During my invalidity at Bath I had an unexpected visit from your Streatham friend, of whom I had lost sight for more than ten years. I saw very few people, but none of an evening nor of a morning, on the days my hand was pumped on. When her name was sent in I was much surprised, but desired she might be admitted; and I received her as an old friend with whom I had spent much time very happily, and never wished to quarrel. She still looks well, but is grave, and candour itself; though still she says good things, and writes admirable notes and letters, I am told, to my granddaughters C. and M., of whom she is very fond. We shook hands very cordially, and avoided any allusion to our long separation and its cause; the Caro Sposo still lives, but is such an object from the gout that the account of his sufferings made me pity him sincerely; he wished, she told me, "to see his old and worthy friend,” and, un beau matin, I could not refuse compliance with his wish. She nurses him with great affection and tenderness, never goes out or has company when he is in pain. God bless you and yours, prays
Your very affectionate Padre.
Madame d'Arblay to Dr. Burney, Chelsea.
ce 16 Septembre, 1807. MY MOST DEAR FATHER,
I have just received a kind offer to send a few lines to the spot whence my most ardent wishes are to receive many, but whence the handwriting that most of all I sigh to behold has not blessed my sight since the return of Madame de Cadignan. Nor have I ever heard whether the last six letters I have written have as yet been received. Two of them were antiques that had waited three or four years some opportunity; a third was concerning the Institute, and M. le Breton's wish to see you installed one of the foreign members and correspondents; the two last were to reach you through a voyage by America, and therefore may not yet be arrived. I do not count the few lines sent by Maria, though to obtain even a smaller mite myself would fill me with joy and thankfulness.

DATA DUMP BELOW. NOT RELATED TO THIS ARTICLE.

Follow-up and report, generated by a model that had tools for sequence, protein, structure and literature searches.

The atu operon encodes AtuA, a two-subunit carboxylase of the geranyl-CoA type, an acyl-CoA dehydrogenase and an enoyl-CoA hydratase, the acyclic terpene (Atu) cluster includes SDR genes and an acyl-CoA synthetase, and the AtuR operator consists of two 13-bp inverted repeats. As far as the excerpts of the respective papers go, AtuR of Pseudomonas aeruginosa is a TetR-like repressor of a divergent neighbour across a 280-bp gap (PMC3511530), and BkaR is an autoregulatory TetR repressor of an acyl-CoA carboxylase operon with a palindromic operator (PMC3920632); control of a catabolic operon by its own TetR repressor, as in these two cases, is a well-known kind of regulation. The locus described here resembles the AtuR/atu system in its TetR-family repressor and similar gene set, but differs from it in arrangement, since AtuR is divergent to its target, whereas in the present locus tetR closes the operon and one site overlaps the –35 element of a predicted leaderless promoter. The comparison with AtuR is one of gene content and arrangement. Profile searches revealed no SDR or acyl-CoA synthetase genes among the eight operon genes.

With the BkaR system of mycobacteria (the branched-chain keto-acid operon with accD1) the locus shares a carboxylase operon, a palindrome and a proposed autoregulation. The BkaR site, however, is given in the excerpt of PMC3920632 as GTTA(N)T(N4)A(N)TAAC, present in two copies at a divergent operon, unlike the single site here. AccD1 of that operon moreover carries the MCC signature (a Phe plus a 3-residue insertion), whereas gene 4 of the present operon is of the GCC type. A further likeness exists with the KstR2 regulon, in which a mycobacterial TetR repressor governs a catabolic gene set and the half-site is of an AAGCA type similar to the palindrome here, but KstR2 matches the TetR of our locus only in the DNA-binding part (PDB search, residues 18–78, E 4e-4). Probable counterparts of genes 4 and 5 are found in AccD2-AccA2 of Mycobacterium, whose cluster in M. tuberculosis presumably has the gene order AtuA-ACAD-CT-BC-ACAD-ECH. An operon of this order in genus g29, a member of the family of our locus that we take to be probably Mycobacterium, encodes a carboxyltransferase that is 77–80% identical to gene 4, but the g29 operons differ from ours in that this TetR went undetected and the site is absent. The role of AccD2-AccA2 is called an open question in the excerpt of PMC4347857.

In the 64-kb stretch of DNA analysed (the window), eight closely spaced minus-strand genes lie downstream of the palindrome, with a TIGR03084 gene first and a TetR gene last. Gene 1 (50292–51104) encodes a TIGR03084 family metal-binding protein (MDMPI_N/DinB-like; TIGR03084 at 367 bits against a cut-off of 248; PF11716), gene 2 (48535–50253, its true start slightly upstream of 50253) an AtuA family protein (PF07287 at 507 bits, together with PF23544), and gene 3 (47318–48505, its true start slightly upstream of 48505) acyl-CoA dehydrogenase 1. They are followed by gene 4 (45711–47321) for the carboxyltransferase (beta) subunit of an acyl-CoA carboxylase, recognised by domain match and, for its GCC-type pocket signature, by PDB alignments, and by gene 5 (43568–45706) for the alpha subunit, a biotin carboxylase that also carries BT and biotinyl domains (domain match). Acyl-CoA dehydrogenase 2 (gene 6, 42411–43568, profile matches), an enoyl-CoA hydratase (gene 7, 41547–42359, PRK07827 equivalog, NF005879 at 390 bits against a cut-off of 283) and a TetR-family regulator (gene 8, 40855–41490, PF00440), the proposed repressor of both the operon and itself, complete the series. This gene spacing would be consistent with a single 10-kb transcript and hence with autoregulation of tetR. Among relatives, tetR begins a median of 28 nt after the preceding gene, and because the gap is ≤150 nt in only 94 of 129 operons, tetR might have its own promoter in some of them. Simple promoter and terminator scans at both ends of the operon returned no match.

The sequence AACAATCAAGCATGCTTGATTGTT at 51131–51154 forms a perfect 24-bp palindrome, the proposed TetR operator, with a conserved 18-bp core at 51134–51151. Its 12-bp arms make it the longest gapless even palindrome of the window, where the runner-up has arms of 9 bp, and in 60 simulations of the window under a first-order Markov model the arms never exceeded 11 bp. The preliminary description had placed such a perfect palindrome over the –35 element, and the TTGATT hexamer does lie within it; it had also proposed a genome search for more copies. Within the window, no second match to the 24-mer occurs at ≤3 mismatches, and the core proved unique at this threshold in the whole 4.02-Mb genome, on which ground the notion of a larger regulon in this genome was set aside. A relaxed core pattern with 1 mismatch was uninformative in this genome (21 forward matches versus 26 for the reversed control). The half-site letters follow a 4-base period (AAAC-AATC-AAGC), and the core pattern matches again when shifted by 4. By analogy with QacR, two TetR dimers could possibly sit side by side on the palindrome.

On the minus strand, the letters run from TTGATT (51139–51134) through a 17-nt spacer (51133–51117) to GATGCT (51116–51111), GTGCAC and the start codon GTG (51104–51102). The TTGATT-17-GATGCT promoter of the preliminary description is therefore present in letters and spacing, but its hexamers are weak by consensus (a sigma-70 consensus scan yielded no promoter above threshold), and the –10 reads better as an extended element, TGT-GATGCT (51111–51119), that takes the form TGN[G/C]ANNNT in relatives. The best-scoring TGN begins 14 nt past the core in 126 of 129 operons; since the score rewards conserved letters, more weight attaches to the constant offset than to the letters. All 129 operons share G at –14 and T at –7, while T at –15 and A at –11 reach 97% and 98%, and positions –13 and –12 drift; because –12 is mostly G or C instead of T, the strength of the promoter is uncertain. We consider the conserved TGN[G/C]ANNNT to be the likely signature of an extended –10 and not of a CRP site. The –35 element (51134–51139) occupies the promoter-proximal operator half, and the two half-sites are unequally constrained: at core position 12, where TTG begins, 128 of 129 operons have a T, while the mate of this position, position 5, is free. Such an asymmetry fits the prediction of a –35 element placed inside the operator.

21 Août, 1808.—The expected opportunity for which I had strung this lamentable list of unacknowledged claims, nearly a twelvemonth since, failed; another at this moment offers—may it prove more propitious! Could it but rebound to me with news of your health, such as it conveys from hence of ours, how should I bless it! But an intercourse such as that must wait for other blessings than mine—the blessings of peace - and those, the whole wounded universe would surely join to hail. My paper is so stinted, and my time so limited, that I can begin no regular account of our proceedings, which, indeed, have but little varied since we lost Maria. O that any one could give me
here the history of yours! I am in such terrible. arrears of all such knowledge that I know not who will ever undertake to pay me. My last intelligence was that you were well, my dearest father, and that the family at large, in that at least, imitated you. But details-none, none reach me! I have a bitter anxiety of suspense upon some subjects very near my heart. Not even the loved names of
of my family now reach me; Esther, James, Charles, Charlotte, Sally, with all their younger selves, and Richard and his boys, all are sounds strange to my ears, and my
beloved friends of Norbury are banished thence with the same rigour! I am sad, sad indeed, at this deprivation ; though in all else I am still and constantly happy, for in my two faithful companions I tind sympathy in all my feelings, and food, sweet food for all my hopes.
Madame d’Arblay to Dr. Burney.
September, 1808. After being so long robbed of all means of writing to my beloved father, I seize, with nearly as much surprise as gratitude, a second opportunity of addressing him almost before the first can have brought my hand to his sight. When will some occasion offer to bring me back-not my revenge, but my first and most coveted satisfaction ? With how much more spirit, also, should I write, if I knew what were received of what already I have scrawled! Volumes, however, must have been told you, of what in other times I should have written, by Maria. For myself, when once a re